The main square of Uzbekistan
“Independence” Square or “Mustakillik” Square is the central square of the country, surrounded by green alleys. It got its name in the early 1990's, due to the collapse of the USSR and gaining the status of an independent state of Uzbekistan. The "Mustakillik" square occupies approximately 12 hectares and is located on the left bank of the river Ankhor.
At the end of the 19th century, after Central Asia was annexed to the Russian Empire, a new Tashkent city was gradually built on the opposite side of the river Ankhor. Thus, the river divided the Old City from New Tashkent.
"Turkestan is our common home"
First of all, the "White House" was built on the "Mustakillik" Square, where the governor general of Turkestan K.P. von Kaufmann lived. A large garden was built around the residence. The fruit garden, alleys, flower beds were skillfully planted, which gave a special solemnity and comfort to this place. There were also military exercises, parades of military units.
After the revolution, the White House was turned into a museum, and the square became known as the Red Square. Rallies, parades, folk festivals were held there. In the 30s of the 20th century, a new building of the Council of People's Commissars was erected on the site of the White House. Later, in front of the building, a monument of V.I. Lenin was erected on the eponymous square. The gray building, made in the style of constructivism in 1956, was given the eastern national appearance, after reconstruction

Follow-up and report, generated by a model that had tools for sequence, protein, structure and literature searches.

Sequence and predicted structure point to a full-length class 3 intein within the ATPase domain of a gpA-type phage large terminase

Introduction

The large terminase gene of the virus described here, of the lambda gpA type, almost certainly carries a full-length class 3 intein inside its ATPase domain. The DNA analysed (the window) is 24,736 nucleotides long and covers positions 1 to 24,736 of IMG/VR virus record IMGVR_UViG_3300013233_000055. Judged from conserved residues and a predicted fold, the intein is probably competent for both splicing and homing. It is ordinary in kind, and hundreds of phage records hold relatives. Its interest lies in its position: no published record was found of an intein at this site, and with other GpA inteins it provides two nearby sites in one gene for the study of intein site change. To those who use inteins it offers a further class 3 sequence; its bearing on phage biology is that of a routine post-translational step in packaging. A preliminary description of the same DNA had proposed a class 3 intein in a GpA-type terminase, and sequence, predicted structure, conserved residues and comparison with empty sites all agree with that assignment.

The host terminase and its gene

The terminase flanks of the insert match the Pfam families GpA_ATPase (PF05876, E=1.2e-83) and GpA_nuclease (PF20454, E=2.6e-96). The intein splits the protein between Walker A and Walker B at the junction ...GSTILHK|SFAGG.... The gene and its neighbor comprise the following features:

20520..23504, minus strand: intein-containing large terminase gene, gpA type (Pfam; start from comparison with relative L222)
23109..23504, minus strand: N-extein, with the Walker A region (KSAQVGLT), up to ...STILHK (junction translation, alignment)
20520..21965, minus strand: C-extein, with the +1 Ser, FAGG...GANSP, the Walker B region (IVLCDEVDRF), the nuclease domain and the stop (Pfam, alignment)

This building has survived until now. During the period of independence, the building was completely renovated. The square was fully reconstructed.
The modern "Mustakillik" square
On the square a marble monument resembling a tribune appeared, at the peak of which a Globe shimmers with the color of golden sand. Moreover, schematically it depicts the outline of Uzbekistan. At the foot is a happy mother with a child. She personifies Motherland and Mother Woman, who brings her sons to the Motherland with love.
The alley is crowned by a colonnade, connected by an overlap, in the middle of which there are storks. It is believed that they bring happiness and a new life to the family. Every day you can see the newlyweds here. It is also customary to pay tribute to the nearby Monument of the Grieving Mother, at the feet of which a niche is set with the Eternal flame. Nearby there is a memorial monument, executed with a full sense of respect and duty to those who defended their homeland during the Second World War. The monument is constructed of marble and carved wooden columns in the Uzbek national style. On the special plates, the names of those who died for the Motherland are engraved.
The square, of course, is decorated with luxurious fountains and green alleys, which makes this place touching and romantic. To the present time, Uzbeks honor the Central Square.